Earlier this year, seven District Attorneys' Offices in California entered into a $5 million settlement with Target Corporation, resolving charges that the company engaged in misleading price advertising and overcharged consumers.  This isn't your run-of-the-mill California price advertising case about reference pricing, however.  Instead, it raises some important issues that all marketers should pay attention to about channel pricing and how to advertise prices on a retailer's website and mobile app. 

The DAs alleged that Target violated California law by engaging in various pricing practices that were  false and misleading.  

First, the DAs charged Target with promoting products in store at a particular price and then charging consumers a different price at the register.  There's nothing groundbreaking about that.  Retailers simply need to have processes in place to ensure that their products, and in-store signage, have accurate prices on them -- and that their point-of-sale systems are also up-to-date.

Second, the DAs alleged that Target changed the prices of its products on its mobile app based on whether the consumer was in the store or was away from the store.  In other words, if you looked on the Target app at home, you'd see one price, but if you go to the store and view the app, you may get a different price.  There are not a lot of details in the complaint, but I assume that what was going on here is that Target had lower prices on the app (than it offered in store) in order to compete with other online retailers.  Recognizing that consumers may view their Target app while in the store, Target didn't want its customers to realize that its store prices were higher than the prices offered on the mobile app.  As a result, it appears that the app was programmed to automatically adjust its prices to in-store prices when the consumer was in the vicinity of the store.  While the DAs don't appear to be suggesting that retailers don't have the right to set their own prices in different channels, it does appear that, at a minimum, the DAs are taking the position that it's a deceptive practice to adjust prices on your mobile app in ways that are not transparent to consumers -- a practice that the DAs called "geo-fencing."  The DAs seem to be saying here that, since consumers won't expect the prices on the app to change when they enter the store, it's deceptive for Target to change those prices.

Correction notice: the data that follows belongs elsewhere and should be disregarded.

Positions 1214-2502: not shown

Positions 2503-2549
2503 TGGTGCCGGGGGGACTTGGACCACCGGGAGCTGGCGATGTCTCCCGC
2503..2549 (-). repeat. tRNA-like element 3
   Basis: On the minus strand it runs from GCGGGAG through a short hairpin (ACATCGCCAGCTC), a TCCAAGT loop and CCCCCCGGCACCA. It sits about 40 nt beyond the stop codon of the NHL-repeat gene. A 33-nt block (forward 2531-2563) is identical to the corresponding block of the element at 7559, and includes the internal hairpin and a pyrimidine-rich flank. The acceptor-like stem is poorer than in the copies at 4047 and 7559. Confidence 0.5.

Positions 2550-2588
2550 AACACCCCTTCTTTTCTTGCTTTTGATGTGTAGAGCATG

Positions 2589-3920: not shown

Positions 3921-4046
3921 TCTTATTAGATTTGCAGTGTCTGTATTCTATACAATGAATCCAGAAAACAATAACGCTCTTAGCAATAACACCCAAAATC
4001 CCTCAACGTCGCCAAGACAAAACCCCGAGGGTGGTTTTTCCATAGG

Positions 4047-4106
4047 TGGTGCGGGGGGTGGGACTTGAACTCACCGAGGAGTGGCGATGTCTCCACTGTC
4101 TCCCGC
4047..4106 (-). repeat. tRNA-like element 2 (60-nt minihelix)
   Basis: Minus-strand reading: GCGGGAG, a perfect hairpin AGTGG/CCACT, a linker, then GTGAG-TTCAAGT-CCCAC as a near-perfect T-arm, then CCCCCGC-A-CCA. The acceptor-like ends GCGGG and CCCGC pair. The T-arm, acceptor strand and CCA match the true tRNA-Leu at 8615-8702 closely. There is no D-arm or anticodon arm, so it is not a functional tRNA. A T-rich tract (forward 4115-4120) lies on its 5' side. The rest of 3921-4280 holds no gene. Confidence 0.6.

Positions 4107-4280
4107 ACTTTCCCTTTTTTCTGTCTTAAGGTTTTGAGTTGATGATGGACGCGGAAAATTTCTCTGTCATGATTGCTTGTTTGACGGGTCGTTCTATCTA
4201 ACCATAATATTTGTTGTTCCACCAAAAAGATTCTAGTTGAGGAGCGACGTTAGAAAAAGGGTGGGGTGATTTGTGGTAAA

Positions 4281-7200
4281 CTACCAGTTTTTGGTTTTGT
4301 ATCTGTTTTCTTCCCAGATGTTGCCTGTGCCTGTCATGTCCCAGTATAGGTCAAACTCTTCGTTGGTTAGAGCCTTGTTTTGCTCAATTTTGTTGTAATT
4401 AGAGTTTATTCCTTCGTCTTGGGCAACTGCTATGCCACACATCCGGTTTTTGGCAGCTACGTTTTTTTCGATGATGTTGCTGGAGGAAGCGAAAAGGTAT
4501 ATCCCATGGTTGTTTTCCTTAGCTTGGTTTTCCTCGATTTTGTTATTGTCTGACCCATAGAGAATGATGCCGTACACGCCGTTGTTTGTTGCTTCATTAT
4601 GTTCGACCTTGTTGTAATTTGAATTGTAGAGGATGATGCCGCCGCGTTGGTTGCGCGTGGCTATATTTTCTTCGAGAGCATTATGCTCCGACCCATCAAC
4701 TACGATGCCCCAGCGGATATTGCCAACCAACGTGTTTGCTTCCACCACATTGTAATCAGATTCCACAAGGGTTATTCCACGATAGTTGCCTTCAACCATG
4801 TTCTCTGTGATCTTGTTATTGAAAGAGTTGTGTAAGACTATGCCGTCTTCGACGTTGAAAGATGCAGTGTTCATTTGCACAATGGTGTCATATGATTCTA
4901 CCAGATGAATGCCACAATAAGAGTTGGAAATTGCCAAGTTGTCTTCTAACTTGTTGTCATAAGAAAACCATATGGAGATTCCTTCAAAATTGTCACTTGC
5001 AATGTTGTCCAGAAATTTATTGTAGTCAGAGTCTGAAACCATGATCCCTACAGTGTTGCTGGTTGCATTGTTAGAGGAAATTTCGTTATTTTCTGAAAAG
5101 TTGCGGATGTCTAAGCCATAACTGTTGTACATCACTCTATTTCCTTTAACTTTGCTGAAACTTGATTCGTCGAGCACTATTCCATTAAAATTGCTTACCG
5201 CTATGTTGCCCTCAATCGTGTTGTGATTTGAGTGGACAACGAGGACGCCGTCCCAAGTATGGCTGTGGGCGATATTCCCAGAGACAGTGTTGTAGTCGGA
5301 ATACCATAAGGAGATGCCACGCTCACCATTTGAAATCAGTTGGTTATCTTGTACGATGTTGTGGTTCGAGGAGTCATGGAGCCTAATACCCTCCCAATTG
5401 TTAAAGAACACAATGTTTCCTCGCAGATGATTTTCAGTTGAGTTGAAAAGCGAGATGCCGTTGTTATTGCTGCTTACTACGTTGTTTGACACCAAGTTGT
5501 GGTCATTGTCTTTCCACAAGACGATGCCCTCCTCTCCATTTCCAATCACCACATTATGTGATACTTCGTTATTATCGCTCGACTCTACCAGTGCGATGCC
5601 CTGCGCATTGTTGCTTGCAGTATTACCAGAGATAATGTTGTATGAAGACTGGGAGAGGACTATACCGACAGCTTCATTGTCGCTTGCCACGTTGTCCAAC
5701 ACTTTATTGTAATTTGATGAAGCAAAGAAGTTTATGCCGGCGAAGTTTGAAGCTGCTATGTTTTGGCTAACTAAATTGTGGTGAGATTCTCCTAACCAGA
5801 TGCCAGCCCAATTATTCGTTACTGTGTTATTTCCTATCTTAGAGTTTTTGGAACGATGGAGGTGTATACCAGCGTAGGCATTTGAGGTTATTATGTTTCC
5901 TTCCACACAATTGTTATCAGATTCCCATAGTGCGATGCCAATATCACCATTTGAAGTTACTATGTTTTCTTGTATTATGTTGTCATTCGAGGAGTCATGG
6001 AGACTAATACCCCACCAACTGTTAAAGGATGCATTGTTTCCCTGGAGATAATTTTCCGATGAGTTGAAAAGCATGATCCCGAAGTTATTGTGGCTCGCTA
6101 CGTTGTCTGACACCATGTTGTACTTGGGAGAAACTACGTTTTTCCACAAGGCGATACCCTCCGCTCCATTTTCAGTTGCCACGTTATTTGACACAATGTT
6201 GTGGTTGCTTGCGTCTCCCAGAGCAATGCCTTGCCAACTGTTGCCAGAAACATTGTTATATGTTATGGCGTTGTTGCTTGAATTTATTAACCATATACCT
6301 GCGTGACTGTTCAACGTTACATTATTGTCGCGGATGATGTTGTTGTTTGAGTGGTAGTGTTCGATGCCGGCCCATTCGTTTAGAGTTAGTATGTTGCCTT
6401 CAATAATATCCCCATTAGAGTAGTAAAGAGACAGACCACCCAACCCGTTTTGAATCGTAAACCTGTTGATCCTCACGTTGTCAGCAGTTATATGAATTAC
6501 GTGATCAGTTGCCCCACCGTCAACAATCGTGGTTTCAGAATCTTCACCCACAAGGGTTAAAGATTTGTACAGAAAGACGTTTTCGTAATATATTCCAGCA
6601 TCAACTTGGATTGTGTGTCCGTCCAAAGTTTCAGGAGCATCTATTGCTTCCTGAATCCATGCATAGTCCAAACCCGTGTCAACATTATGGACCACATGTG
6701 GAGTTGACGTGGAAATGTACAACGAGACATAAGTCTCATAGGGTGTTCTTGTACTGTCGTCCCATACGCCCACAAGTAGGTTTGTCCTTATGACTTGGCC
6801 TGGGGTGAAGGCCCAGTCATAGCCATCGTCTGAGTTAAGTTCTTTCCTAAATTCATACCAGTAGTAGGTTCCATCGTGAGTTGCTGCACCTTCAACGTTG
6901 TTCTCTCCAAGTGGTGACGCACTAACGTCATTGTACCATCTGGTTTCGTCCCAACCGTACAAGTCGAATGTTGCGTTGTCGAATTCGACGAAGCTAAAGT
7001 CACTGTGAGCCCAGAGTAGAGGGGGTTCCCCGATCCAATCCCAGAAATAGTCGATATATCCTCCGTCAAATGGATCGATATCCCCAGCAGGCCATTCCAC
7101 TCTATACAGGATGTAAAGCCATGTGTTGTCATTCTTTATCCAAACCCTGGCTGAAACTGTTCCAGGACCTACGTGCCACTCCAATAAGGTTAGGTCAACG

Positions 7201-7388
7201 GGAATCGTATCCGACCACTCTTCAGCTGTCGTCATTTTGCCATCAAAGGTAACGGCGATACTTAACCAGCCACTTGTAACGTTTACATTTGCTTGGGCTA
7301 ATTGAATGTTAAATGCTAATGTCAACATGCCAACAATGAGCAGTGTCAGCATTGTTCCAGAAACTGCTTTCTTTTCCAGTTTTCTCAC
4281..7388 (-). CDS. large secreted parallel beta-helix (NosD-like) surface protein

Third, speaking of transparency, the DAs also alleged that Target misled consumers by not disclosing to consumers where specific prices are available.  Specifically, the DAs charged Target with advertising the prices of products on its website and on its app "without clearly and conspicuously disclosing the sales channel -- online or in-store -- at which the commodity may be obtained at the advertised price."  Significantly, the DAs are taking the position here that if your prices are different in-store than they are online or on your app, you have to disclose that fact to consumers.  

In the settlement agreement, which was entered into with the District Attorneys of Alameda, Contra Costa, Marin, Dan Diego, Santa Cruz, Sonoma, and Ventura Counties, Target agreed to (1) not engage in false or misleading price advertising in the future, (2) not advertise prices on the app without disclosing whether those prices are available in-store or online, and (3) discontinue the practice of geo-fencing.  Target also agreed to pay $5,000,000 in civil penalties, $200,000 in indirect restitution, and $173,618.81 in costs.  

In announcing the settlement, Alameda County District Attorney Nancy E. O'Malley said, "Any company that does business in this State must verify that consumers are charged the same price at the cash register as is advertised on the floor.  We are committed to protecting consumer by holding all companies responsible for potentially inaccurate pricing practices. We are also focused on ensuring that online prices are displayed in an accurate and non-misleading manner.”